Sadie Spahr Class1930
Spare Class 1930

By Lloyd Adams
Vancouver, Washington

     I VALUE the lessons I learned and the experience of growing up in the small southeastern-Kansas town of Burden.
Hardly on the map in the 1930s with a population of 400, it's even smaller today. My family moved away in 1937, when I was a high school freshman. And once World War II arrived, almost every able bodied person moved to Wichita to work in the aircraft industry or went into the military. Few returned to Burden.
When I last visited in 1994, the town looked exactly as it did those many years ago, except for the decades of eterioration and a tiny, aged population.

The Baptist church where I learned right from wrong, good from bad and respect for my elders is still operating.  Dear "Aunt" Sadie Spahr served as my mentor, role model and Sunday school teacher.  Once our class went to the Spahr farm for an overnight sleepover in the hayloft. I guess I made a pest of myself, because the older boys tied me up in a burlap bag and let me think things over awhile.  At that age, we showed our manhood by carrying matches. Of course,  hay and matches never mix, so before we could play in the hay,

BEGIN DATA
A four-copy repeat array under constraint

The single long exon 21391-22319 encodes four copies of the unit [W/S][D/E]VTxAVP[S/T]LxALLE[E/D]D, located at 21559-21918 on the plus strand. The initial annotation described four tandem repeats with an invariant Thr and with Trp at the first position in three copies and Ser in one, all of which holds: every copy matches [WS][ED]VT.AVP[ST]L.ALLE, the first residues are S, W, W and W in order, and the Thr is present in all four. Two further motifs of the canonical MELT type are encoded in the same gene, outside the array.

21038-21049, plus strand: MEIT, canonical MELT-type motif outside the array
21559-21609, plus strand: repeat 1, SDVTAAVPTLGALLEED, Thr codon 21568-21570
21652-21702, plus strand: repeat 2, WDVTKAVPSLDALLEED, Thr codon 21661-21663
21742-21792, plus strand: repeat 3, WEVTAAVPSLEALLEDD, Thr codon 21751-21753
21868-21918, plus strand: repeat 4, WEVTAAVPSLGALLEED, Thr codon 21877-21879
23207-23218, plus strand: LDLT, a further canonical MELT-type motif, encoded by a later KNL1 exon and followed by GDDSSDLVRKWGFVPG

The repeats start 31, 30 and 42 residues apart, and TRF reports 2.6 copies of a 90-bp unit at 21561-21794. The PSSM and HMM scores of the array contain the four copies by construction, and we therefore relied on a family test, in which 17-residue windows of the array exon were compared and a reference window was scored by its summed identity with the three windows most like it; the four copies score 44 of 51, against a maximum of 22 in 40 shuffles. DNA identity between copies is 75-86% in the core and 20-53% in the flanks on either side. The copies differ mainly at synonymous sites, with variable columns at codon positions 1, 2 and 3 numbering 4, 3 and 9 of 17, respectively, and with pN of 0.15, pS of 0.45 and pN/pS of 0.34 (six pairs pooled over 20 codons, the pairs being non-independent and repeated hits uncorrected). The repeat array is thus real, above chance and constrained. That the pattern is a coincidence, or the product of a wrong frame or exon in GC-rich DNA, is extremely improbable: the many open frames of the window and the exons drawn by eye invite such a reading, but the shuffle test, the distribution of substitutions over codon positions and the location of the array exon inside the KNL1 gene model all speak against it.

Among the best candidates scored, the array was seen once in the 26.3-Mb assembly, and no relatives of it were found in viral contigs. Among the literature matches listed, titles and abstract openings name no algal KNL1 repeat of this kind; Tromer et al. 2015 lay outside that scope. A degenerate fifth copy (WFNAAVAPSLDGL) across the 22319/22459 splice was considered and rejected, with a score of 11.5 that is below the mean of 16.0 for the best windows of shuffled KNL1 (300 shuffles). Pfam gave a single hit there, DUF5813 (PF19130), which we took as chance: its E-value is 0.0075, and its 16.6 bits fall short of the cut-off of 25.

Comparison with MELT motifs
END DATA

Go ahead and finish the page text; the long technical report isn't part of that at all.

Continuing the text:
Mr. Spahr lined us up and went through our pockets to recover any matches that we might have hidden there.  Another memorable person was Mr. Dyer, our top-notch school
coach. He was a friend to every student, a strict disciplinarian and the church janitor.
Safe and Sound It was the custom for young chil
dren to go to the front pew and sleep during Sunday night services.  One evening, I was the only child to do so, and my parents forgot about me and went home. Mr. Dyer finished his chores, turned out the lights, locked the door and went home.  When Mom and Dad realized what happened, they rushed back to the church, then had to go to Mr. Dyer's home to get the keys. Dad opened the church door, switched on the light and rushed to the front pew, only to find me still sawing logs.
That experience taught me the unshakable truth of safety within the church of God.
After 80 years, I still thank God for that little Baptist church and the town of Burden.

SMALL TOWN. Burden, Kansas holds big memories for author, to the right of Sadie Spahr (far left) with the rest of his 1936 Sunday school class.